However, it's possible that on Tuesday I have to return here and edit my post.

    What I do know is that some sphincters in Japan are going to be stiffer than usual, at least until the announcement :mischievous:
     
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  9. Slapped

    Slapped Premium

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    I'm not sure about that, but I am sure they'll be looking at this with interest.

    It's going to be very hard for a new player to break into the console market, both the PS and Xbox have a vast library of quality software available already and console's eco-system is way more important that the hardware itself.

    Google could release a console with specs magnitudes ahead of the current market leaders, but if all they've got for a software library is a ton of pay to win shovelware then it counts for nothing.
     
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  10. Haitauer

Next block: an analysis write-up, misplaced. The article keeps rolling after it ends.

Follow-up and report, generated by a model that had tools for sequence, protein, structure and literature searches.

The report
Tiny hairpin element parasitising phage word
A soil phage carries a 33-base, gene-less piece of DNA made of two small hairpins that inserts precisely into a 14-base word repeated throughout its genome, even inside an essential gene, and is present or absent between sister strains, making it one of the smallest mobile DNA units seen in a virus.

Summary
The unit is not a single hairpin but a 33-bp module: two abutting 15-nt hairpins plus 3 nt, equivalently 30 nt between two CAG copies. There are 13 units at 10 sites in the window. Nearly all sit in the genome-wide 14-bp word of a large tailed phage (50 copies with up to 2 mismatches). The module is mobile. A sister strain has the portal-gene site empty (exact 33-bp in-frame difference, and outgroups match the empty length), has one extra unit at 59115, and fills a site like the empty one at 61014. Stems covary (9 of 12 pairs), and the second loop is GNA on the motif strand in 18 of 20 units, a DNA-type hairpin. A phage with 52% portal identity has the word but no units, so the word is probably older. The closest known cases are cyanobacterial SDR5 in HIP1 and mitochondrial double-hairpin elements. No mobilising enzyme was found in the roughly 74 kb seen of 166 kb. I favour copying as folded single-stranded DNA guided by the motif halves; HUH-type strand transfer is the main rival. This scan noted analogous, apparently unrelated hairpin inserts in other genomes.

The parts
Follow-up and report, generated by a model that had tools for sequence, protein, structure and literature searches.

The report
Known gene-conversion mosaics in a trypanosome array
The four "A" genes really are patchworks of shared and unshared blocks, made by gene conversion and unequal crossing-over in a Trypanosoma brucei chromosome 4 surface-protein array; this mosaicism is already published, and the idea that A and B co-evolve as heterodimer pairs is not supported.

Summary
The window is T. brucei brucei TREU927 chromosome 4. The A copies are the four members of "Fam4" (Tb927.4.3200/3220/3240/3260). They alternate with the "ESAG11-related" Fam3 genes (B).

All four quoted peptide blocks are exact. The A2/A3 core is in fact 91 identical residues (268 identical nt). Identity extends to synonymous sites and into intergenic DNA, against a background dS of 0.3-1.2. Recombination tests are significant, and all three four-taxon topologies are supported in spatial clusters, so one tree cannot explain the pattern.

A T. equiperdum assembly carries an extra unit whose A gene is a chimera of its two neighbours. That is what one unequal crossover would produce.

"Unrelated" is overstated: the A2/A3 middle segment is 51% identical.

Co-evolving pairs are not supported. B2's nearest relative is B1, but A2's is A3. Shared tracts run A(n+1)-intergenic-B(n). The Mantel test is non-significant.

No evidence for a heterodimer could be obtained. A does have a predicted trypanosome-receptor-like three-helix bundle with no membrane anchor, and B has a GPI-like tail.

Haitauer

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    Im pretty sure its googles take on game streaming. Chromecast with transmitter..
     
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  11. Joey D

    Joey D Premium

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    I'd imagine this is the case. I got into the beta program for Google's streaming service that used Assassins Creed Odyssey and it worked really well. If Google can bring that experience to my TV, I'd be pretty happy.
     
  12. EngieDiesel

    EngieDiesel

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    That's what Steam Early Access is for. Although I have noticed that consoles seem to increasingly be the place for dead mobile games to get dumped in a last ditch attempt to squeeze a few more microtransactions out of them.
     
  13. Novalee

    Novalee

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  14. TJ13

    TJ13 Premium

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    Basically Google Fiber. :lol: